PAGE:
HealthView column: Injury prevention for cyclists |

HealthView column: Injury prevention for cyclists

Mountain biker crashing.
Shutterstock image

The Roaring Fork Valley really comes to life this time of year. While winter activities attract people from near and far, the summer is why people stay.

Located in the depths of our beautiful rolling hills to the roaring rivers, the valley is filled with activities from the water to the land. It is no surprise that the nature of the injuries we see coincide with the changing of the seasons.

One of the most common summer activities available here is cycling/biking.

Whether you are a mountain biker, a road biker or a commuter, this valley has an abundance of opportunities for beginners up through expert trails both on and off the pavement. The rise in e-bikes has also introduced more users to the trails.

The most common types of injury seen in bikers are head and face trauma, and fractures to the upper extremity, such as wrist, forearm and hands. As a shoulder specialist, the injuries I treat most often are fractured clavicles, otherwise known as the collarbone.

Your clavicle is a long bone between your shoulder blade and sternum that is easily identifiable by the bump it can create visible under the skin. It is a unique bone, highly susceptible to trauma. When an accident occurs, causing the participant to fall on their shoulder, or with their arm outstretched, the clavicle often takes on the impact of that fall. Because of this, the clavicle is considered to be the most fractured of our bones.

There is always a chance of injury, even to the most experienced of riders on the easiest of trails. However, there are many things you can do to reduce your risk of injury and have a safe, enjoyable ride.

Below are some of the tips I share with my patients:

• Practicing good trail etiquette, such as yielding to uphill riders and riding within your ability level can make sudden stops more infrequent, and decrease your risk of falling. Work your way up in mileage and make sure your bike is tuned, clean and running well.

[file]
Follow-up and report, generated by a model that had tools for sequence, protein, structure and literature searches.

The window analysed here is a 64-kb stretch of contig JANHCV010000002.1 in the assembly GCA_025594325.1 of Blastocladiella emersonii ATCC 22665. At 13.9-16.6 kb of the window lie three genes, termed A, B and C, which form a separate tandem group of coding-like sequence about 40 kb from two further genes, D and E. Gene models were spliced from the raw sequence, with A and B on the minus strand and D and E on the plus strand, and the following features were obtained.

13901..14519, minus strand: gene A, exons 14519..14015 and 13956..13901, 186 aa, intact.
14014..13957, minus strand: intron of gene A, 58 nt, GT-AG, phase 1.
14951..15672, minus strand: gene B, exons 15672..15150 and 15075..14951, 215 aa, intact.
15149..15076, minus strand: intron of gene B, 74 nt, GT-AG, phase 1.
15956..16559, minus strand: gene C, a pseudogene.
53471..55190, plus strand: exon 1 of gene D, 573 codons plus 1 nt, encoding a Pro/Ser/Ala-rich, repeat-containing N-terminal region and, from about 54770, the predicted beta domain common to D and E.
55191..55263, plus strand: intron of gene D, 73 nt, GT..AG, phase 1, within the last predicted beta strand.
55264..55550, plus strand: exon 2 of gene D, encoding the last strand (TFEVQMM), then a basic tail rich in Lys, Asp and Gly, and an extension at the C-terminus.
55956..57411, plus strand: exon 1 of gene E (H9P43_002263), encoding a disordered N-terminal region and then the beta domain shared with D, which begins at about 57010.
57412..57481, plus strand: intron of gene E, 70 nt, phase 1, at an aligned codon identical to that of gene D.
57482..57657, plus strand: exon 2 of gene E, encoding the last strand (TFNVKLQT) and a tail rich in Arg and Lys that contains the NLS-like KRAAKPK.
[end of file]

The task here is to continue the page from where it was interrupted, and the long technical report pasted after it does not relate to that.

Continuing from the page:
• Replace your helmet every three to five years. Glues and resins used in helmets can affect the materials over time. Hair oil, body fluids and normal wear-and-tear all contribute to helmet degradation.

• Stretch muscle groups such as your hip flexors and hamstrings both before and after you ride. After vigorous activity, blood can pool in the large muscles in the legs and cause fainting or dizziness — stretching helps to alleviate that and any lactic acid buildup that occurs.

• Cross training with core exercises and activities that work adjacent muscle groups is helpful for balance and coordination.

• Staying hydrated throughout your ride fends off muscle cramping and fatigue, especially in hot weather. Even in cooler weather, dehydration is possible if you don’t drink enough fluids while riding.

While we encourage a safe and active lifestyle here. We also understand some accidents are unavoidable. Many injuries that occur while riding may be easily treated at home.

However, knowing when to seek professional medical advice is also a key to a successful recovery. If there is persistent swelling around a joint, painful “pops,” recurring instability, consistent pain during or after an activity, or pain that does not respond after a period of rest, it may be time to see a physician.

Since 1994, Dr. Ferdinand “Tito” Liotta, MD, has helped restore the health of athletes and adults of all ability levels in the Roaring Fork community as part of the Glenwood Orthopaedic Center at Valley View Hospital team.

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